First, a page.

It's called entomophagy and in many parts of the world, it's a common part of many people's diet. Put a tray of roasted crickets out at a party in the U.S., though, and you're more than likely to clear out a room. If entomophagy is practiced here at all, it is more than likely a novelty.

There are, however, groups devoted to promoting the practice. Tonight, I had the opportunity to sample cricket cookies--chocolate chirpies, admittedly something of a novelty.

Still, it got me thinking that perhaps in some places it might be a viable way for under-nourished people to get protein and calories. According to Insects Are Food, quoting the Entomological Society of America, insects generally contain more protein and are lower in fat than traditional meats. In addition they have about 20 times higher food conversion efficiency than traditional meats. In other words they have a better feed-to-meat ratio than beef, pork, lamb or chicken.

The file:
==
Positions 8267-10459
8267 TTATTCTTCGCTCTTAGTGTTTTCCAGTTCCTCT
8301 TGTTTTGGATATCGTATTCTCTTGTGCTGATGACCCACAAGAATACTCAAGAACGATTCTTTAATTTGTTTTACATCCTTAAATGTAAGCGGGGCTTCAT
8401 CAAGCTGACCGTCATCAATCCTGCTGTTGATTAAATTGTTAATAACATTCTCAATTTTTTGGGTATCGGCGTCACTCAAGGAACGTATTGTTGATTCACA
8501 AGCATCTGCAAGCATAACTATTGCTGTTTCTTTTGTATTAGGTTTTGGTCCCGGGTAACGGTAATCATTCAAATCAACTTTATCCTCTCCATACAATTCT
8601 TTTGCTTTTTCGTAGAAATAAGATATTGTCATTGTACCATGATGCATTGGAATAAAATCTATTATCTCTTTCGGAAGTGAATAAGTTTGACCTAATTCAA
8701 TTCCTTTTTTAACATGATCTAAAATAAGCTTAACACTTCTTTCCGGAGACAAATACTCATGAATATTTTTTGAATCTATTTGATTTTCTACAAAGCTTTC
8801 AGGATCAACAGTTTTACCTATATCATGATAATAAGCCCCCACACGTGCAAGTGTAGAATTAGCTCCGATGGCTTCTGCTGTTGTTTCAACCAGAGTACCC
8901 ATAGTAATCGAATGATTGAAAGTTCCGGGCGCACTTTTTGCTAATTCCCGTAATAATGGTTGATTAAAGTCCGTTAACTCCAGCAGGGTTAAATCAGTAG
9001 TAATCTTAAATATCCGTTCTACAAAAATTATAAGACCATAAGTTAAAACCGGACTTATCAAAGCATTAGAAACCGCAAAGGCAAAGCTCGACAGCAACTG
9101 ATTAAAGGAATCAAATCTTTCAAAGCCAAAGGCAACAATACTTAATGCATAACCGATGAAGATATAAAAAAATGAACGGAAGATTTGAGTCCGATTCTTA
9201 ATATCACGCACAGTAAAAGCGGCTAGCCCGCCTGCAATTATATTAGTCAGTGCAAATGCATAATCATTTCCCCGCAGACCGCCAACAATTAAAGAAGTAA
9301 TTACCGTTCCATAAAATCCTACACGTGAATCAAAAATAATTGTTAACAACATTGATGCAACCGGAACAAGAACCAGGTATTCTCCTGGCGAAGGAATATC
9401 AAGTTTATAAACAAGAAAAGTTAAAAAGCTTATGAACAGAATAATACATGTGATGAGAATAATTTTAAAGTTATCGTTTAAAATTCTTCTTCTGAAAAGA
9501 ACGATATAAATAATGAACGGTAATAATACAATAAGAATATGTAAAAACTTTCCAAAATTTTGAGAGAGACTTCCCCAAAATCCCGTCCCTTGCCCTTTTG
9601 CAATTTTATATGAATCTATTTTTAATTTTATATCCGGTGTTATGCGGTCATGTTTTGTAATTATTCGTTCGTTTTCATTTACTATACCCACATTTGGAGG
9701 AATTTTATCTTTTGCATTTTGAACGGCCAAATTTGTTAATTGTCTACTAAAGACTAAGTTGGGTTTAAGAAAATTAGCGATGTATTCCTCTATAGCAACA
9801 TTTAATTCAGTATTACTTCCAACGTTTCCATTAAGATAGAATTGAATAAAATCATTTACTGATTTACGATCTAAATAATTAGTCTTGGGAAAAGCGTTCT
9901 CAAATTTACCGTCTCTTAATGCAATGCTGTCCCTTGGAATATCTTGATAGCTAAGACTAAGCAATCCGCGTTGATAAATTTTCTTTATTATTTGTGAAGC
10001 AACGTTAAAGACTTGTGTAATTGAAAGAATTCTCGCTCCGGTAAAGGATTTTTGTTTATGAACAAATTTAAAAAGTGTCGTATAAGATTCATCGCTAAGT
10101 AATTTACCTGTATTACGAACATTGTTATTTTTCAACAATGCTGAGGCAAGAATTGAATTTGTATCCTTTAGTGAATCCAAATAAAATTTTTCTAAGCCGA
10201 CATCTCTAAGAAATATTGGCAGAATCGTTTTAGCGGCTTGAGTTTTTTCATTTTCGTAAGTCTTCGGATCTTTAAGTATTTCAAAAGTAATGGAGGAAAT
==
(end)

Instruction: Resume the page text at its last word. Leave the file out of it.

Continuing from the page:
Saturday, September 12, 2009

Common True Katydid Pretty Common Afterall

In 1920, a naturalist by the name of William T. Davis published a paper (pdf) in the Journal of the New York Entomological Society in which he described what appeared at the time to be the disappearance of the common true katydid (Pterophylla camellifolia) from the forests of New York City. He noted in particular a 1908 publication that described the insect "quite numerous and very noisy in the tall trees in the Egbertville [Staten Island] ravine," but lamented the fact that by the time he was writing they were completely gone from the island.